Tips/warnings/suggestions for Newcomers
We can read below tips, warnings, suggestions from experienced attendees to you join DebConf19 and have a great event!
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- Bring a computer, join IRC and #debconf on OFTC.I you don't, you miss about half the communication.
- Subscribe to debconf-announce and debconf-discuss mailing lists.
- It's a great opportunity to meet lots of different people and talk about many interesting things.
- Don't do things you don't want or like to do, just because you feel obligated to do them, eg because you got bursaries.
Label your stuff, really
- When trying to do things, you won't fail once, you will fail many times. Don't let this keep you from still trying again.
- Don't be afraid to join people - if you sit alone at a table, they will assume, you want to be left alone, and they will. Not because they don't want to talk to you, but because they respect your privacy.
- If you subscribe for something, be actually there to do it - if you can't, remove yourself, preferably not on very short (like 2 minutes before) notice.
- Take the opportunity to try/do new and crazy stuff. It's never to late to learn something (and it's never too late to have a happy childhood).
- For volunteer debconf work, easiest to join is the video team - they always crave people to record all those talks and to review recorded talks, and they provide training and they are at #debconf-video, btw.
- You are allowed to be in the hacklab, even if you aren't a hacker.
Almost every year, I see people chat online and get along great and then they realised they were both at DebConf and didn't even meet each other. Make a point of saying hi to as many people as possible and put some names to faces, it's an important aspect of DebConf.
Before going to DebConf, learn the extreme basics about what public key infrastructure is about (at least making sure you understand what a public key and a private key is used for), generate your keys before DebConf and participate in the keysigning party. It might sound like something that you think you don't need, but at some point you might want to step up your involvement in Debian and then you might regret not having a key that's trusted by other DDs(also something that I've seen a few times over the last few years).
They are just people like you who aren't being paid for their work at DebConf, and have also traveled a long way and is also tired and have been dealing with all kinds of strange demands since before you got there. Being nice to front desk goes a long way if you ever need help down the line, it's also important to remember that they can be bribed quite easily with local snacks.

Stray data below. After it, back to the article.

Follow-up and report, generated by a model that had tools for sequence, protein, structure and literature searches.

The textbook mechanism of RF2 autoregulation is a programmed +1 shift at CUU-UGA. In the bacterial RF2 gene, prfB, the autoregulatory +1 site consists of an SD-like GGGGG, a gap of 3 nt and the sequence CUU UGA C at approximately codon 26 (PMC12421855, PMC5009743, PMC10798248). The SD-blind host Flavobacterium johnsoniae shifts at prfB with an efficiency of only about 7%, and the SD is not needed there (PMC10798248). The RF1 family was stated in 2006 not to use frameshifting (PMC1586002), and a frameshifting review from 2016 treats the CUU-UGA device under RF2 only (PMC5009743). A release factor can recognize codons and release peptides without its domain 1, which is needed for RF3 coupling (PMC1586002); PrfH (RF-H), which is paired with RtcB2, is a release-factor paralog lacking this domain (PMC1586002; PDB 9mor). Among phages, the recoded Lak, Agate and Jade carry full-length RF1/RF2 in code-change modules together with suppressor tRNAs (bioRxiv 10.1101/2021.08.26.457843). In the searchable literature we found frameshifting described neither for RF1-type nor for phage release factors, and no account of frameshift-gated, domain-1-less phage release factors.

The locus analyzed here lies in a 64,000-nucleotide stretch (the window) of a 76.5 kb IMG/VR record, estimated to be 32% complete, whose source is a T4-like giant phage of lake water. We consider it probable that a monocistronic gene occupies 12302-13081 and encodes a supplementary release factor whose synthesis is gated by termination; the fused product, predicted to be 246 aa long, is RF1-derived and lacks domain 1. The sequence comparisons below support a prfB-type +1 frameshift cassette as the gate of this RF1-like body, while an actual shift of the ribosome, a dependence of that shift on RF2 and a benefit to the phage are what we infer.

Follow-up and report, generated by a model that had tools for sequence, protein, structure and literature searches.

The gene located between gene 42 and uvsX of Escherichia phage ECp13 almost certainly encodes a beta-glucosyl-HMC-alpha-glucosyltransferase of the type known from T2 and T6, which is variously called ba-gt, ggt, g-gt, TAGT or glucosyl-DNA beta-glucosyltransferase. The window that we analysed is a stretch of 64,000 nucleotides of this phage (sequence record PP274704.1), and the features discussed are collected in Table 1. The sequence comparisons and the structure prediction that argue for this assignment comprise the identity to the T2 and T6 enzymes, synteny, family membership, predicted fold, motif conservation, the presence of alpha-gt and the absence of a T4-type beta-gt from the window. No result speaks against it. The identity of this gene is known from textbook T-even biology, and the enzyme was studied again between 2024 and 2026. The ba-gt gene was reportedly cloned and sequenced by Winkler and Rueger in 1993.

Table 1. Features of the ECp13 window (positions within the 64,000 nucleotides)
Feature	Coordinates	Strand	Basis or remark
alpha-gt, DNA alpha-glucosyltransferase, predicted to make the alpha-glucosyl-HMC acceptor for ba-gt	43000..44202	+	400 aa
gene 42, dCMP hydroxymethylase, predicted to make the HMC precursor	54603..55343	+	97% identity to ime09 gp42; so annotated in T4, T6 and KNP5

Everyone who has been at DebConf has been in at least one BoF where someone really tries hard to prove how clever they are and just can't stop talking about their anecdotes, their opinions, etc without at all contributing to the session. Before you talk, it's important to consider whether it's really contributing to the session, especially if it's not your session and you've already done most of the talking.
- Pay some attention to your talking volume, and if someone asks you to quite it down a little, don't take it personally, even I've been told I'm too loud a few times! (On that note, don't take anything too personally, sometimes someone is just stressed or tide and something comes out worse than they intended it to).
DebConf is made possible by regular people like you who put in lots of volunteer time in order to make it happen. There are many tasks during DebConf that are divisible between attendees which ranges from helping with social activities (like cheese and wine party), putting together swag bags, checking food tickets, video'ing talks and more. When you're on the volunteering system you can sign up for certain slots, so signing up doesn't mean you have to do a job the entire DebConf, try to sign up for at *least* one task while your there, your DebConf experience will be better for it.